Trading in the Treasury Bill (T-Bill) secondary market closed bullish, and this was evidenced by a further decline in the stop-rate of the 364-day bill at the auction, coupled with market participants seeking to cover unmet bids. The average benchmark yield for T-bills fell by 25bps to 4.85%. The annualised yield on a 321-day T-bill fell by 1bp to 6.56%. At the T-bill PMA, the DMO allotted N215.73bn (US$519.82m) worth of bills across all tenors. The stop rate on the 364-day bill dropped by 61bps to 5.89% (annualised yield, 6.26%), while the rates on the 91-day (2.50%) and 182-day (3.50%) remained unchanged. Demand was strong, with a total subscription of N416.27bn, implying a bid-to-offer ratio of 3.51x (versus an average of 3.07x at the last four auctions). Our sense is that the market for T-bills remains liquid and this is likely to continue. Elsewhere, the average yield for OMO bills rose slightly by 2bps to 5.50%, with the yield on a 312-day OMO bill rising by 22bps to 6.33%.


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Oil

Last week, the price of Brent fell by 7.82%, the highest weekly decline since 20 August 2021, to settle at US$72.72/bbl, its lowest level since 27 August 2021. Consequently, Brent is up 40.39% year-to-date and has traded at an average of US$70.59/bbl, 63.34% higher than the average of US$43.22/bbl in 2020. Oil prices continue to decline due to the combination of the US releasing millions of barrels from its strategic reserves in coordination with other large nations and concerns on the emergence of the new Omicron variant of the Covid-19 virus, seen to have spread around the world on Sunday, with cases found in the Netherlands, Denmark and Australia.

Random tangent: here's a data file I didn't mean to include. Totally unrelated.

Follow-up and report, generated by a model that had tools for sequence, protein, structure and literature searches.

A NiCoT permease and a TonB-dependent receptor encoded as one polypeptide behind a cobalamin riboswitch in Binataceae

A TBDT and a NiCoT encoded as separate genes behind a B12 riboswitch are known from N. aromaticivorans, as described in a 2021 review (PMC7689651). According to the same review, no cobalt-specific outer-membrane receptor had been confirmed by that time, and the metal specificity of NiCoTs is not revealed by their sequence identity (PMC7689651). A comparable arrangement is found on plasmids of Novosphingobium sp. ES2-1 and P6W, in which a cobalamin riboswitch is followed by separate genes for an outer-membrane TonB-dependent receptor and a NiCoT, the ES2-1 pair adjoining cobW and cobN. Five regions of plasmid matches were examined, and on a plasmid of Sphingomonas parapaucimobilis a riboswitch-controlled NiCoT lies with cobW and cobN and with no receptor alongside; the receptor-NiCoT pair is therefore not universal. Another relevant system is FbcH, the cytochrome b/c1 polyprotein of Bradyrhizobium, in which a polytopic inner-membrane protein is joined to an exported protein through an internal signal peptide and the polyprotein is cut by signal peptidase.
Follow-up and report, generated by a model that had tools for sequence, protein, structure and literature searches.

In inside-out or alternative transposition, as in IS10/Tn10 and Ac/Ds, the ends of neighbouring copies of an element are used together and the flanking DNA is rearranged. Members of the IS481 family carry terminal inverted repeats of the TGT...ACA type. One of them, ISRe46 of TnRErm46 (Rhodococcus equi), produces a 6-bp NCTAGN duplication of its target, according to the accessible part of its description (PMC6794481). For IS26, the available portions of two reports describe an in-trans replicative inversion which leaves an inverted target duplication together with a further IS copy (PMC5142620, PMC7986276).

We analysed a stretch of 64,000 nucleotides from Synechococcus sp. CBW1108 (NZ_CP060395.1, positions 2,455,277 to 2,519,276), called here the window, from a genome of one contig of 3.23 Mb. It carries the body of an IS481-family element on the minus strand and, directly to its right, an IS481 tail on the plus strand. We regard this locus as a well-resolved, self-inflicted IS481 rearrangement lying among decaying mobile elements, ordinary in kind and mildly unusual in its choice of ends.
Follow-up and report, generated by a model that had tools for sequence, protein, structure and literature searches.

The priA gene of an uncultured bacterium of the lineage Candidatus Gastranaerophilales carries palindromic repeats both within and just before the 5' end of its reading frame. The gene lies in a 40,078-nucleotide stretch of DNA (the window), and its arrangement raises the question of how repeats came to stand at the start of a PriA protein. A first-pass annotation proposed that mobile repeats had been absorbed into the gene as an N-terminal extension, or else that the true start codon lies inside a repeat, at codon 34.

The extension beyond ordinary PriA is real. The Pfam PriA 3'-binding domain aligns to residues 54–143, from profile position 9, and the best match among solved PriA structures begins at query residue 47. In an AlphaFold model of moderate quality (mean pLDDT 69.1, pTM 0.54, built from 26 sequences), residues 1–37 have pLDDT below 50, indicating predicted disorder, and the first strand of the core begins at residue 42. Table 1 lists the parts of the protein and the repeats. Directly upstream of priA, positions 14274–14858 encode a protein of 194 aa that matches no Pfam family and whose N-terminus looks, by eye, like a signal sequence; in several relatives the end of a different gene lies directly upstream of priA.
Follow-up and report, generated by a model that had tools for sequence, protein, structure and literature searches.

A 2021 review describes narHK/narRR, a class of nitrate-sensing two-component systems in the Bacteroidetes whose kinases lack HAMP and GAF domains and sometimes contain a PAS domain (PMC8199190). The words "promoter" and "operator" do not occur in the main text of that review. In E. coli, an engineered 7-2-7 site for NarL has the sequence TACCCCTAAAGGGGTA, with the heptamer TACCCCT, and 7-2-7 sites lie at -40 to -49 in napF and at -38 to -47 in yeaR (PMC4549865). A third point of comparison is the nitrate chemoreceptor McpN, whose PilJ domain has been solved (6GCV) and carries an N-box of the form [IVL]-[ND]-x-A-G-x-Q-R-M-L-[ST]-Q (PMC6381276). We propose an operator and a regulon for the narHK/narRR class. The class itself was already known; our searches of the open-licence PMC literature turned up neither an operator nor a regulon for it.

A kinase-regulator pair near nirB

In the Organisation of the Petroleum Exporting Countries and its allies (OPEC+) meeting to be held during the week, there is market speculation that the cartel may takes measures to cut output. Elsewhere, Iran and world powers are expected to resume talks on reviving the 2015 Iran nuclear deal in Vienna today – the outcome of which could set the tone for oil prices going forward. Nonetheless, we maintain that the price of Brent oil is likely to remain well above the US$60.00/bbl mark over the rest of the year and on into the early part of next year. This is a comfortable position for the public finances of Nigeria, in our view, though this depends on levels of domestic production being high.